Romeo and Juliet was written by William Shakespeare and was one of his most popular plays. It follows a tragic love story about two unlucky lovers from rival families whose death reconciles their feud. In this essay I will be comparing and contrasting the presentation of the prologue in both Franco Zeffirelli’s traditional 1968 version and Baz Luhrmann’s modern 1996 version of the play. The purpose of the prologue is to give an overview of the plot, which helps the audience understand the play that follows and also by announcing the ending at the beginning, helps to make the events of the play seem more inevitable and driven by fate. This was also the case during the Elizabethan era where the Chorus would enter onto the stage and deliver the prologue to the awaiting audience.
Zeffirelli’s more traditional version of Romeo and Juliet has a soft yet dry males voice reciting the prologue which makes it seem more like a bedtime story. However his voice does appear to match the prologue. This film is about death and sorrow as well as love however his voice does not seem to demonstrate this. Unlike Zeffirelli, Luhrmann’s version uses a news reporter to read the prologue which immediately indicates to the audience that this is a modern take on the tragic love story of Romeo and Juliet. It then continues using a dramatic and powerful voice while it sets the scene which once gives a modern twist on the original prologue.
In Zeffirelli’s 1968 version of Romeo and Juliet the music is soft, calm and tranquil and whilst the man’s voice is speaking it is gentle and ‘flutey’ and represents the medieval time in which the play is meant to be set. It is not dramatic and does not draw the audiences’ attention; instead it just flows gently and mildly intrigues which also seems to prepare the audience for the sadness which will be seen later on throughout the film. Whereas in Luhrmann’s version there is loud dramatic music playing which is building up to the beginning of the film and also heightens the audience’s anticipation and gives an exciting and modern feel to the film.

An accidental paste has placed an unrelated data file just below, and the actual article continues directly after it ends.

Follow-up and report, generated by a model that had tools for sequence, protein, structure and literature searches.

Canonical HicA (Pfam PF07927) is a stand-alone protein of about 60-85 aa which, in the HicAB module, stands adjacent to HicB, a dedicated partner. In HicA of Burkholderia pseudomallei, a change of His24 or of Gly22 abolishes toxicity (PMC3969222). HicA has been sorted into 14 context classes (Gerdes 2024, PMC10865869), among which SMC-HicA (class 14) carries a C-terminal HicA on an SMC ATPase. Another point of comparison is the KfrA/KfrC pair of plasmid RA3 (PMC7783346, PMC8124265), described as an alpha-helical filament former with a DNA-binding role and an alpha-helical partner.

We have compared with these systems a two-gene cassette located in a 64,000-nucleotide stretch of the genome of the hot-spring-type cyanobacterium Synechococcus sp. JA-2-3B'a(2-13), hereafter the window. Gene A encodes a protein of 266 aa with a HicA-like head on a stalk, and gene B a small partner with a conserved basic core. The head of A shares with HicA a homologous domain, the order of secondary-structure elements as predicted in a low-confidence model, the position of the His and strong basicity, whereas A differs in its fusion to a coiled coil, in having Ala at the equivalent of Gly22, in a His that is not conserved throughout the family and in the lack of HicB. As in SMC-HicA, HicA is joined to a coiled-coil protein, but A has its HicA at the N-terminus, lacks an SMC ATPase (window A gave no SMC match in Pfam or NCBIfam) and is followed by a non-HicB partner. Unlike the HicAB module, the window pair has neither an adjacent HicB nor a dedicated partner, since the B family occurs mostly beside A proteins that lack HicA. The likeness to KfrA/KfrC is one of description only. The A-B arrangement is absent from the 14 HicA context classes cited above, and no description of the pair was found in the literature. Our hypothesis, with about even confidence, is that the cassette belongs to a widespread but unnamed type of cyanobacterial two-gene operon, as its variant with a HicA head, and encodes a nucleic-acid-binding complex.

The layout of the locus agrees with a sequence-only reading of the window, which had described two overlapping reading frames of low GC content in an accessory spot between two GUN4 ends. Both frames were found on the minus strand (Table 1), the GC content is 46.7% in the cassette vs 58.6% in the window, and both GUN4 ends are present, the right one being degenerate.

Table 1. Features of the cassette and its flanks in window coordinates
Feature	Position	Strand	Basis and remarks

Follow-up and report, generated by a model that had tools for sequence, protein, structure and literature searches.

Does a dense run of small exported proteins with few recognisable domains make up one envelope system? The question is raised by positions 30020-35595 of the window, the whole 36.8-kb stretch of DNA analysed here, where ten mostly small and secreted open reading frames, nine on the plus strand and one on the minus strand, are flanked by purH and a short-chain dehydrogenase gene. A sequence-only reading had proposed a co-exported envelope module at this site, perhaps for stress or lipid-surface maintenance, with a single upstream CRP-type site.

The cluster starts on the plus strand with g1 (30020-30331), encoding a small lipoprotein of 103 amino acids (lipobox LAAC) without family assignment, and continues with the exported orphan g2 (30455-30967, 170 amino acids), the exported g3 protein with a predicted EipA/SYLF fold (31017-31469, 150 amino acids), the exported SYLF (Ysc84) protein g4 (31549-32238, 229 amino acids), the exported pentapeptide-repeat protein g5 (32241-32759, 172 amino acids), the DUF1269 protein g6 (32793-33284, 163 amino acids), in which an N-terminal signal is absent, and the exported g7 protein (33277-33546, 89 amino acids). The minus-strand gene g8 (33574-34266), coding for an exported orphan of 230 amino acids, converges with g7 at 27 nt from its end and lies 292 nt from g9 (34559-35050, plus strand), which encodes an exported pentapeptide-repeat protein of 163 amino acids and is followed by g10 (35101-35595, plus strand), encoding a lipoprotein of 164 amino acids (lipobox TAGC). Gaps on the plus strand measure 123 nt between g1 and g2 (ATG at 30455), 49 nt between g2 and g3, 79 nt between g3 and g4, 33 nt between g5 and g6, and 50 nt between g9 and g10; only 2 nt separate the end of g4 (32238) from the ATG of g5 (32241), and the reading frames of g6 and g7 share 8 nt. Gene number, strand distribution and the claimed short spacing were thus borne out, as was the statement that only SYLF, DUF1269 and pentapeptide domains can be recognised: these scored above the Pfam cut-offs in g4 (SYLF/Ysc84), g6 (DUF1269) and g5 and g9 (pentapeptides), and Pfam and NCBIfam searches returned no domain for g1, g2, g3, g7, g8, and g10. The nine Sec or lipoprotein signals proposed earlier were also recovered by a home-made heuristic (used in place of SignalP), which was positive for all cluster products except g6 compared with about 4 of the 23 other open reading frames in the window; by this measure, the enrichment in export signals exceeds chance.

In Luhrmann’s version of Romeo and Juliet, the prologue is presented as a news bulletin that gives the events a feeling of immediacy. The news broadcaster has replaced the Shakespearean Chorus for a modern audience whilst retaining the Chorus’s role of providing a commentary on the events in this tragic love story before they happen. Luhrmann emphasises the setting as the Prologue comes to an end. The scenes of Verona are flashed on the screen with the words ‘‘IN FAIR VERONA’’ which presents this city as being modern as it is dominated by scenes of chaotic urban violence. The cityscape shows police cars, helicopters, and human casualties which sets the scene for the subsequent action of the film. As the prologue continues it reveals photographs of both families on the front page of the city’s newspaper. The rest of the prologue is displayed as newspaper headlines and